The Art of the Poster
June 22, 2016
Even if you aren’t a child of the 60’s, the Hendrix poster probably looks familiar. The concert poster helped to define the psychedelic era, and it’s almost as recognizable as Warhol’s Campbell’s soup can. In the 60’s and early 70’s, the psychedelic posters for Hendrix and the Grateful Dead were a new art form. Aging hippies who kept the originals now have treasure – these old concert posters bring a high price today.
If you were around Athens, GA a decade later, you’ll remember a less elaborate art form. The Athens music scene was just beginning to take off and the bands reproduced their posters on copy machines at the local copy shop, or on departmental copiers if they could get away with it. Michael Stipe was an art student at UGA and perfected the low end look for REM’s posters – jagged scribbles, drummer Bill Berry’s eyebrowed glare, and an odd assortment of purposefully grainy photos. The posters were generally printed on white or pastel sheets of 8.5 x 11 bond, and they were plastered all over the town.
For the bands and the artists who produced the posters, the artistic element was of obvious importance. It was the design that got the attention, but the underlying purpose for the art was clear. Posters were and continue to be a fantastic way to promote an upcoming event.
35 years ago, print was really the only practical media to use for event promotion. There are other alternatives today, but print was continues as the communications channel that works best for event promotion. Why? More than any other option, print sticks around. Unlike an email notification or Facebook invitation, posters stay up until someone takes them down. If you get permission first, that can be a good, long while.
Eye Candy with a Message
Posters work because they combine art that gets attention with the practical message of who, where, when, and how much. Here are a few tips to create an appealing poster that will attract an audience to your next event:
Lots of color – Color makes the art and highlights the message. Today’s digital printing technology makes color very affordable, even for short runs.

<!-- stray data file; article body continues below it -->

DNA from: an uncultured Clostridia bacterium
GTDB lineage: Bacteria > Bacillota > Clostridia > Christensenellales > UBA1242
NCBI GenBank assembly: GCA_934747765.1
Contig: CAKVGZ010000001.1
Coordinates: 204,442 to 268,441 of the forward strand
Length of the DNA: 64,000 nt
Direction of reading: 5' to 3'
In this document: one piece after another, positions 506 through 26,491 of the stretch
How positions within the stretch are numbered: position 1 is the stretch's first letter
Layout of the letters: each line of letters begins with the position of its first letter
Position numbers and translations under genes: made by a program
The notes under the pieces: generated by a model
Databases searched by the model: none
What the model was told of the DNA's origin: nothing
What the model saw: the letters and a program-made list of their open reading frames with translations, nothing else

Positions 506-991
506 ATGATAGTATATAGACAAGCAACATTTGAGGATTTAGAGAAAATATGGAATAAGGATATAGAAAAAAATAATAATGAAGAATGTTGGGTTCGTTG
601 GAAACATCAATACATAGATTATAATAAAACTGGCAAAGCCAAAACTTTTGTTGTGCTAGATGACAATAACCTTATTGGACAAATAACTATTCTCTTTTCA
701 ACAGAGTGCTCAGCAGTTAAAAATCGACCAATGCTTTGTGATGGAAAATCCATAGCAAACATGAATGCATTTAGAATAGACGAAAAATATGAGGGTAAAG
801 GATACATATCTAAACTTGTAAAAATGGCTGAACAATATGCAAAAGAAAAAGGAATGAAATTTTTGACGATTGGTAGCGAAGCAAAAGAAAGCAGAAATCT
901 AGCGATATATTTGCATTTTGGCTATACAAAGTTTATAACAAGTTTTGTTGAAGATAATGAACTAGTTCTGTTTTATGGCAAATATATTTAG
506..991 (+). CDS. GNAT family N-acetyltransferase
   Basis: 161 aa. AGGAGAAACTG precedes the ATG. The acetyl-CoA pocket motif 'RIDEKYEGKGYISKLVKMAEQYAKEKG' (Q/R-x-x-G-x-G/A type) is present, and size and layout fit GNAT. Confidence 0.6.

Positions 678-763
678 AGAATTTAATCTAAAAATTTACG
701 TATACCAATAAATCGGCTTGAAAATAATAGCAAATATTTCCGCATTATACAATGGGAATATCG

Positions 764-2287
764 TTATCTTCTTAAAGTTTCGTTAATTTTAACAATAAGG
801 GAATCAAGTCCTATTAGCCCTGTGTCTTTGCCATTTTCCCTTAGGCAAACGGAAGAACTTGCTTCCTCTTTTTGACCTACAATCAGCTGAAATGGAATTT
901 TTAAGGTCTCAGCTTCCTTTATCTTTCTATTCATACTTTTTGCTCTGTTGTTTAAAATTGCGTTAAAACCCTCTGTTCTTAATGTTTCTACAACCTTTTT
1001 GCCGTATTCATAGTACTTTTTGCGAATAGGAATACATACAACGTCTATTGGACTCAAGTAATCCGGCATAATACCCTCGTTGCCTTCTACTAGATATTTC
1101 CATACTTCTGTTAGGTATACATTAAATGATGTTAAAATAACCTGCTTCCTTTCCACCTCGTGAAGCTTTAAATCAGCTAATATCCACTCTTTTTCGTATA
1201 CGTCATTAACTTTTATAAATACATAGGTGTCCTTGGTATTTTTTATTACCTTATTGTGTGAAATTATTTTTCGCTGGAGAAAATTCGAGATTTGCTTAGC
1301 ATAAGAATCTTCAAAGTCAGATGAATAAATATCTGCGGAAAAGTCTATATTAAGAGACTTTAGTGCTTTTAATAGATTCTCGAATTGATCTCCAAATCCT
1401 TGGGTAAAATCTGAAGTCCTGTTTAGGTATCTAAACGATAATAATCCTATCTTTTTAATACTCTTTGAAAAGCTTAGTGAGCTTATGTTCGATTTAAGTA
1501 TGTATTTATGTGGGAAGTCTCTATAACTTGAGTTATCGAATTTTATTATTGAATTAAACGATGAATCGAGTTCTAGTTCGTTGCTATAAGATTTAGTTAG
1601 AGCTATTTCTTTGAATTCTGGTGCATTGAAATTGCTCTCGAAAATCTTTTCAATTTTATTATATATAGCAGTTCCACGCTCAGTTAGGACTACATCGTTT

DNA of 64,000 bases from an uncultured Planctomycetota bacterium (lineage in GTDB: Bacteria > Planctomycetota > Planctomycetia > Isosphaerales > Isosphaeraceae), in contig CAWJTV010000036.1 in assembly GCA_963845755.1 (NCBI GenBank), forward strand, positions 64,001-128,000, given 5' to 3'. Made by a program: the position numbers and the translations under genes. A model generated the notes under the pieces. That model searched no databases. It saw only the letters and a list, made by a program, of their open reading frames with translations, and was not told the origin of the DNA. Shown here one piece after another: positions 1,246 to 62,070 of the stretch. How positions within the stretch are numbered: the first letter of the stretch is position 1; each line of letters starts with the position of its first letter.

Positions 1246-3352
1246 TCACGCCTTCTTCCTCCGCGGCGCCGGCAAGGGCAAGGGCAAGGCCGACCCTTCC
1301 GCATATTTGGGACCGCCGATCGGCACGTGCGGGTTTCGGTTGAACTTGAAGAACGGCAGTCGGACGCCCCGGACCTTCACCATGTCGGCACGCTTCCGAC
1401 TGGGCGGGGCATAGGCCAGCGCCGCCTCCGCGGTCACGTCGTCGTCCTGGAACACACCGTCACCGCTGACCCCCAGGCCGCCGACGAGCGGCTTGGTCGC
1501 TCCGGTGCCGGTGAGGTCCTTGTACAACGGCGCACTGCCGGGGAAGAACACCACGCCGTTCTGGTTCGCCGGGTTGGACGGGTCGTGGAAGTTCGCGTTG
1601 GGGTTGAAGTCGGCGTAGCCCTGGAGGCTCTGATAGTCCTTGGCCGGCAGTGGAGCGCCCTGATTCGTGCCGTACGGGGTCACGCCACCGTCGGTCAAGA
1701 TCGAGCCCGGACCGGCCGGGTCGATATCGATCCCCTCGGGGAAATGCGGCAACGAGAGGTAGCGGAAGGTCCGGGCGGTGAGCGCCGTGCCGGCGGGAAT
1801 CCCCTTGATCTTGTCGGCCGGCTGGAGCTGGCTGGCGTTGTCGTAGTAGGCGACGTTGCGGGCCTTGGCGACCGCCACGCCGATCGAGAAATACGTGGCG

Typography – Big black type provides a bold, retro look that’s instantly noticed, but you can also choose interesting type to match the flavor of the event.
Readability - Your design should be clear from 15 feet away.
Focus - use shapes, an interesting photo, or large type and background colors to focus the eye on the message.
Layers and Perspective – the use of layers can add a sense of depth to your poster. Make sure that the art adds to the message and doesn’t distract from it.
If you’d like to get some inspiration for your next poster, Canva has some great examples of unique combinations of art and message in their article 25 Ways to Design an Awesome Poster. Take a look. You’ll be impressed.
Posters are still Amazingly Affordable
Posters are an extremely cost-effective way to get the message out. In the late 70s, REM could produce 200 black and white posters for $20. With today’s digital print technology, the same posters would cost half that amount. Hendrix’ large color concert posters were more expensive, but today you can produce full color, 12 x 18 posters on a nice cover stock for just a little more than the cost of a postage stamp.
If you’re planning an event and want to get the message out, don’t forget the posters. And make sure to keep a few for your art collection. In 1989, one of Toulouse Lautrec’s Moulin Rouge posters sold for $220,000. How much will your masterpiece be worth in a few years?
Win Some Free Tickets to A Great Event – Contest runs through June 30!
Theatre Macon is sponsoring the first Middle Georgia Summer Theatre Festival this summer with three excellent shows that you'll want to attend. Sphinx Business Solutions will be producing much of the print for the event, and we’re also helping to promote with a free ticket giveaway!